Memoir of the Queer Underground, Questions at the NYPL, and More


Every day Poets & Writers Magazine scans the headlines—publishing reports, literary dispatches, academic announcements, and more—for all the news that creative writers need to know. Here are today’s stories.

At Lambda Literary, Alvin Orloff discusses writing his memoir, Disasterama!: Adventures in the Queer Underground 1977-1997, which weaves together his personal history with the subcultural histories of San Francisco’s queer scene. “Stories about how ordinary nobodies weathered the plague were (and are) still few and far between, so I figured it was time I did my bit to fill in the historical record.”

A new book from St. Martin’s Griffin documents the many peculiar questions posed to staff at the New York Public Library over the years. Highlights include “Can you give me the name of a book that dramatizes bedbugs?” from 1944 and “What kind of apple did Eve eat?” from 1956. (Literary Hub)

Sheila O’Connor talks to National Public Radio about her latest novel, Evidence of V, which was inspired by the story of her maternal grandmother, who was imprisoned in state reform school for becoming pregnant at age fifteen. The novel’s fragmentary structure reflects the enforced silences and absences in her grandmother’s—and many other women’s—stories.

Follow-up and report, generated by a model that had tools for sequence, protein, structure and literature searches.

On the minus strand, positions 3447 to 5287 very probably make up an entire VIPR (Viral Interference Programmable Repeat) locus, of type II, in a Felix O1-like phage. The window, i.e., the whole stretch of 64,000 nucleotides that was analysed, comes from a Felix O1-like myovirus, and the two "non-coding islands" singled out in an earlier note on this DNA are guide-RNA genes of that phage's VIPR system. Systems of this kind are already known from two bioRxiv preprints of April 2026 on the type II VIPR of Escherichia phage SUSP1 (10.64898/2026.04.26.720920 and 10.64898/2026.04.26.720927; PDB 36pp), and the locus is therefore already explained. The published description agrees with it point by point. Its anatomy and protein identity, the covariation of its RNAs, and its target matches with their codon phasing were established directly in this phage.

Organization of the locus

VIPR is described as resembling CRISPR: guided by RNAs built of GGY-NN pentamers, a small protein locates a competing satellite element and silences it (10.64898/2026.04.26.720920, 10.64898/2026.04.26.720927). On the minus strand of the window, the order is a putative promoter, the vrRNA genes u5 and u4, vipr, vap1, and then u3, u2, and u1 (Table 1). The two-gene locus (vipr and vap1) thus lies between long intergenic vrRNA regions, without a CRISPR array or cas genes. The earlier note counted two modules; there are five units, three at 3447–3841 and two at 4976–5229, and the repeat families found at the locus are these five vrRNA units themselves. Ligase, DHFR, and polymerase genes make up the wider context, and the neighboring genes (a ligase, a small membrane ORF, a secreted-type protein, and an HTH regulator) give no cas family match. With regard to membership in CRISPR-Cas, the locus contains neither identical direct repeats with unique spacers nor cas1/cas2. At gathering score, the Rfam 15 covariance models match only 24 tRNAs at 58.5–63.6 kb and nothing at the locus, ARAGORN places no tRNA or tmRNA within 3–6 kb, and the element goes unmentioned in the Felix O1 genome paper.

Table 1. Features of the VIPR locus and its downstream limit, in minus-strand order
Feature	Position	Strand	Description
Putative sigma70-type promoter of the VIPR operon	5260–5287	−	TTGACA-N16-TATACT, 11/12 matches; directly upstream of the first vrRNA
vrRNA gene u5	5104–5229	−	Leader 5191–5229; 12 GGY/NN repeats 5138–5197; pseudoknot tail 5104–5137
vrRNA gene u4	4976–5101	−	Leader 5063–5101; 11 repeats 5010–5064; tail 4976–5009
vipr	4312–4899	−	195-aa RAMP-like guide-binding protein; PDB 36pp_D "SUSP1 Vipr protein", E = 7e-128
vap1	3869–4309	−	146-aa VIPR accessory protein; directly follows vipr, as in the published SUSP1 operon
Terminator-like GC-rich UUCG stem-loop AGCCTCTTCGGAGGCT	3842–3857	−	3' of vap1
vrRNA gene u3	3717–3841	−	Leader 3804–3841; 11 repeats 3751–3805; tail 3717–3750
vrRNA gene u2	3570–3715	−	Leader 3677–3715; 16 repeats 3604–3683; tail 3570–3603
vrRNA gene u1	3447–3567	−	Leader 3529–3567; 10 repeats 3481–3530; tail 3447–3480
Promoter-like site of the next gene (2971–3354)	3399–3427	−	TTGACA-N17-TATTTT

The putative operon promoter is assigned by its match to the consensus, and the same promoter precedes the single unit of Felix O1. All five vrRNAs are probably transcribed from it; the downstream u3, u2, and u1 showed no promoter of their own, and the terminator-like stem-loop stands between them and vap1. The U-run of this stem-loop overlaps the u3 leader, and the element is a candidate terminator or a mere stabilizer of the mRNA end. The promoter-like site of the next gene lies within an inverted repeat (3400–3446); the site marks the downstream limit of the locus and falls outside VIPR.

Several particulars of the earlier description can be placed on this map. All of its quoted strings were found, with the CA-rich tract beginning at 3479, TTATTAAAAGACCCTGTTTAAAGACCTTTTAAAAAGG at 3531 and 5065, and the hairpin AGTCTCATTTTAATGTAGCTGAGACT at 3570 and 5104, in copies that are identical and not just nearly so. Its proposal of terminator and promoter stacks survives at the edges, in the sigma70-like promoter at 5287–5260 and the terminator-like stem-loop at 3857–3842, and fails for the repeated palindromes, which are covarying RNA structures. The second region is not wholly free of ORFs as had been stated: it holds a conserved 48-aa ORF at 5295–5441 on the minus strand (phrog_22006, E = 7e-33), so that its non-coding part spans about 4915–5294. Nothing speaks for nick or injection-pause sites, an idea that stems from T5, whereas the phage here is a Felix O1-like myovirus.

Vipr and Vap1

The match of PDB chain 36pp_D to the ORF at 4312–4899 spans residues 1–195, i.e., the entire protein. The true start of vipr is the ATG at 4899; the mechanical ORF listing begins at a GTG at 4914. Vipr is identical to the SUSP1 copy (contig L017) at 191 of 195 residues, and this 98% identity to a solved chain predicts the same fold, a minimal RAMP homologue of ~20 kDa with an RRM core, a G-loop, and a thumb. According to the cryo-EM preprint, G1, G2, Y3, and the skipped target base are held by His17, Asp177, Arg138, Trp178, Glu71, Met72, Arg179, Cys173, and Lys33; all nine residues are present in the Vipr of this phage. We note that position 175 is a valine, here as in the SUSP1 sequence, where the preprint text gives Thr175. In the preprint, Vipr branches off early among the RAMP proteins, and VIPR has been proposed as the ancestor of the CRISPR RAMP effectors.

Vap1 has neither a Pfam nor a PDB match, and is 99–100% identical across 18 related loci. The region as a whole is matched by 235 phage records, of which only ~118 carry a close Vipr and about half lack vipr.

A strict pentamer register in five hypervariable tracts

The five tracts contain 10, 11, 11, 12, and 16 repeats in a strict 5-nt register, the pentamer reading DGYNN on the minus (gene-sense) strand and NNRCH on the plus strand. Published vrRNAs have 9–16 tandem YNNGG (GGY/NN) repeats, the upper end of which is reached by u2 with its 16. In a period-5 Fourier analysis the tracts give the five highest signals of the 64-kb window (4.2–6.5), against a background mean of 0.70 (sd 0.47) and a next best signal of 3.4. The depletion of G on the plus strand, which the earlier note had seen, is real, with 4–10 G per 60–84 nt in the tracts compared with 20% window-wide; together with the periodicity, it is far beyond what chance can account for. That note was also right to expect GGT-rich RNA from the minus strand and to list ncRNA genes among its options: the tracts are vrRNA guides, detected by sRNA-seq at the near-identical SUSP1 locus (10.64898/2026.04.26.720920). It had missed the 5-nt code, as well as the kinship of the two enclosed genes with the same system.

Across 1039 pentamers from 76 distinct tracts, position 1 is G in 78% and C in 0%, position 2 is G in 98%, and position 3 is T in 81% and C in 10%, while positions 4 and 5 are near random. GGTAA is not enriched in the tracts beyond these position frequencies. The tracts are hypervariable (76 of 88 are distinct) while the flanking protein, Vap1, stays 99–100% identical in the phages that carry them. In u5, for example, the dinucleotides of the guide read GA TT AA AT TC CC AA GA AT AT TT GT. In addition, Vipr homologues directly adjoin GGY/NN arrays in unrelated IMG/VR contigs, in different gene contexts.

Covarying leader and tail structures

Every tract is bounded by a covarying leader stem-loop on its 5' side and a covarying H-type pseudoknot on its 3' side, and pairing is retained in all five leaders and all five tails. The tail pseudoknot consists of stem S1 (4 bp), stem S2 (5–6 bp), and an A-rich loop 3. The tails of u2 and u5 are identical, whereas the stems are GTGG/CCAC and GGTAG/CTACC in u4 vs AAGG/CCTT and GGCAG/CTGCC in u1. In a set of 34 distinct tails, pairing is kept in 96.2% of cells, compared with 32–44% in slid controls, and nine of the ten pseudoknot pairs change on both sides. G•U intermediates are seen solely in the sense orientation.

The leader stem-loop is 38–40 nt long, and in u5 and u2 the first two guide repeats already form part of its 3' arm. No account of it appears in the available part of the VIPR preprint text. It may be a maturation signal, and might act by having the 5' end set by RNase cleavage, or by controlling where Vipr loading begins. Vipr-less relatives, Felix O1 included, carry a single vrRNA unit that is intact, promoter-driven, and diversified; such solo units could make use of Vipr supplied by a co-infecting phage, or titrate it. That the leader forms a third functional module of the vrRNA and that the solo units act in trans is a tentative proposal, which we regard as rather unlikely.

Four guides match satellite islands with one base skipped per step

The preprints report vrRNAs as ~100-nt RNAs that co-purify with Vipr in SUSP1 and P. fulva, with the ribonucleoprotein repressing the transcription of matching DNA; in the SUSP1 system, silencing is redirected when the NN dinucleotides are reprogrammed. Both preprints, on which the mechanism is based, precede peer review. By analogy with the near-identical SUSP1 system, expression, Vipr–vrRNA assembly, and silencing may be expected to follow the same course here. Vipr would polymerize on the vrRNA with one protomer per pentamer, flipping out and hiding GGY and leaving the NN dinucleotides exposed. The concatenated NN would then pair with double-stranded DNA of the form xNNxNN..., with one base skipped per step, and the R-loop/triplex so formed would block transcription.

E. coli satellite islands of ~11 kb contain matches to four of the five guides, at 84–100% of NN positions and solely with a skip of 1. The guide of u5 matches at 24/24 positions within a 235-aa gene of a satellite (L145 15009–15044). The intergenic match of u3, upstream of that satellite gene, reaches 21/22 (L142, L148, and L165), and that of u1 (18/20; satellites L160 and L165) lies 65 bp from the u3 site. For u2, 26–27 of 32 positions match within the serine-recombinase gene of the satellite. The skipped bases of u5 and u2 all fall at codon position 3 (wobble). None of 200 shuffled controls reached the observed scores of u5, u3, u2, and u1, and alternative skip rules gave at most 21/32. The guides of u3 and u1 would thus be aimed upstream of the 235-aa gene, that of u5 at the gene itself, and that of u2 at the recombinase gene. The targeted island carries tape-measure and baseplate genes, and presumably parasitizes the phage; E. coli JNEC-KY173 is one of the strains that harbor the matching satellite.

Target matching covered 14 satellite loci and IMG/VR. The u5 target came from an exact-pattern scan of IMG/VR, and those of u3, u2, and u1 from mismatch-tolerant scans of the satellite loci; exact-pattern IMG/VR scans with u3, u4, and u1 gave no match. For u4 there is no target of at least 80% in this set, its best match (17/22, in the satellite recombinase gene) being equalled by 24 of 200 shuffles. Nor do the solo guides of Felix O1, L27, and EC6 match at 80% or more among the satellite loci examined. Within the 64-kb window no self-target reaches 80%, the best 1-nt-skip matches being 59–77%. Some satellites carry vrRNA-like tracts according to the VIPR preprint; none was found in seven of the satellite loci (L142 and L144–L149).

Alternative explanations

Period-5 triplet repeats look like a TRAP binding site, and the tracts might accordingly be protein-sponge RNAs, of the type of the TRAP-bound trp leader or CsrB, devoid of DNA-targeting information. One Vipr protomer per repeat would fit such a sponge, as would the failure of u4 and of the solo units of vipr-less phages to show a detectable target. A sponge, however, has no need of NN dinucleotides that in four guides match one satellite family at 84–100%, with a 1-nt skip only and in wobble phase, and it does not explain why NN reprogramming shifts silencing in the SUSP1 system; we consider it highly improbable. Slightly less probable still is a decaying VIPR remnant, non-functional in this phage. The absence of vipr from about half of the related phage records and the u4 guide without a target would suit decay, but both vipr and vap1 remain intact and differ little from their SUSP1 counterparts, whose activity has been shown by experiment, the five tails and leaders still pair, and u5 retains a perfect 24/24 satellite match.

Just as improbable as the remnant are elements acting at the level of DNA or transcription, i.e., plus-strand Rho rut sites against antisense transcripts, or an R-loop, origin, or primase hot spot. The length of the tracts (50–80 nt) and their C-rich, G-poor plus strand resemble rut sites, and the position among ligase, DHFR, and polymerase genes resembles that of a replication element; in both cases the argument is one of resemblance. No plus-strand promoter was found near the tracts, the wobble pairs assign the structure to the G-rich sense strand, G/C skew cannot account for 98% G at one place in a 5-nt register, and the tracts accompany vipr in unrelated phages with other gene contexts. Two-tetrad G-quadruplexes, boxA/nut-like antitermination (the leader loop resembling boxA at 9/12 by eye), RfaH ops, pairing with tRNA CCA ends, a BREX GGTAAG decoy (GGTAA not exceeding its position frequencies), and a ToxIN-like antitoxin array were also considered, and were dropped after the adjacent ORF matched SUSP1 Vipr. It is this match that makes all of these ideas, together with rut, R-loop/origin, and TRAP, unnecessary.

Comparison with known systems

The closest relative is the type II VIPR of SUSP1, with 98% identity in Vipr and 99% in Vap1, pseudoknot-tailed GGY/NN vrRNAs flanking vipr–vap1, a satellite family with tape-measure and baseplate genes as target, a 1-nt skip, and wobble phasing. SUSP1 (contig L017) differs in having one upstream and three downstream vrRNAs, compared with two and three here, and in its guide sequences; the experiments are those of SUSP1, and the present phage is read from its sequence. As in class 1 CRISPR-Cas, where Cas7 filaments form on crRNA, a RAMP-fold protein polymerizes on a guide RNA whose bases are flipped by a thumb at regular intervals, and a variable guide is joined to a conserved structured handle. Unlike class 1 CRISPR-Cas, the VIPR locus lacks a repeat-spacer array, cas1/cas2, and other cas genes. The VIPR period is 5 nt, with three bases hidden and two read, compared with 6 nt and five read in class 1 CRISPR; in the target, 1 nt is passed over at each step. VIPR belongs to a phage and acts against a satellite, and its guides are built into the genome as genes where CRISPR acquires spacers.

In a conversation with Michele Filgate, Lilly Dancyger talks about editing Burn It Down: Women Writing About Anger, her own evolving relationship to anger, and how editing an anthology was both different and similar to her usual editorial and writing work.  

The New Yorker revisits T. S. Eliot’s seminal essay “Tradition and the Individual Talent,” and considers why it persists as a cultural touchstone. 

Tim O’Brien on his latest book, Dad’s Maybe Book, a “selective memoir” about fatherhood and pride. (Millions)

The New York Times visits Atlantis Books in Santorini, Greece, and talks to owner Craig Walzer about the myths and realities of bookselling in paradise

Emma Forrest on her meditation practice, the three women artists that influence her craft, and the origin story of her latest novel, Royals. “This book started coming to me in dreams.” (Guardian)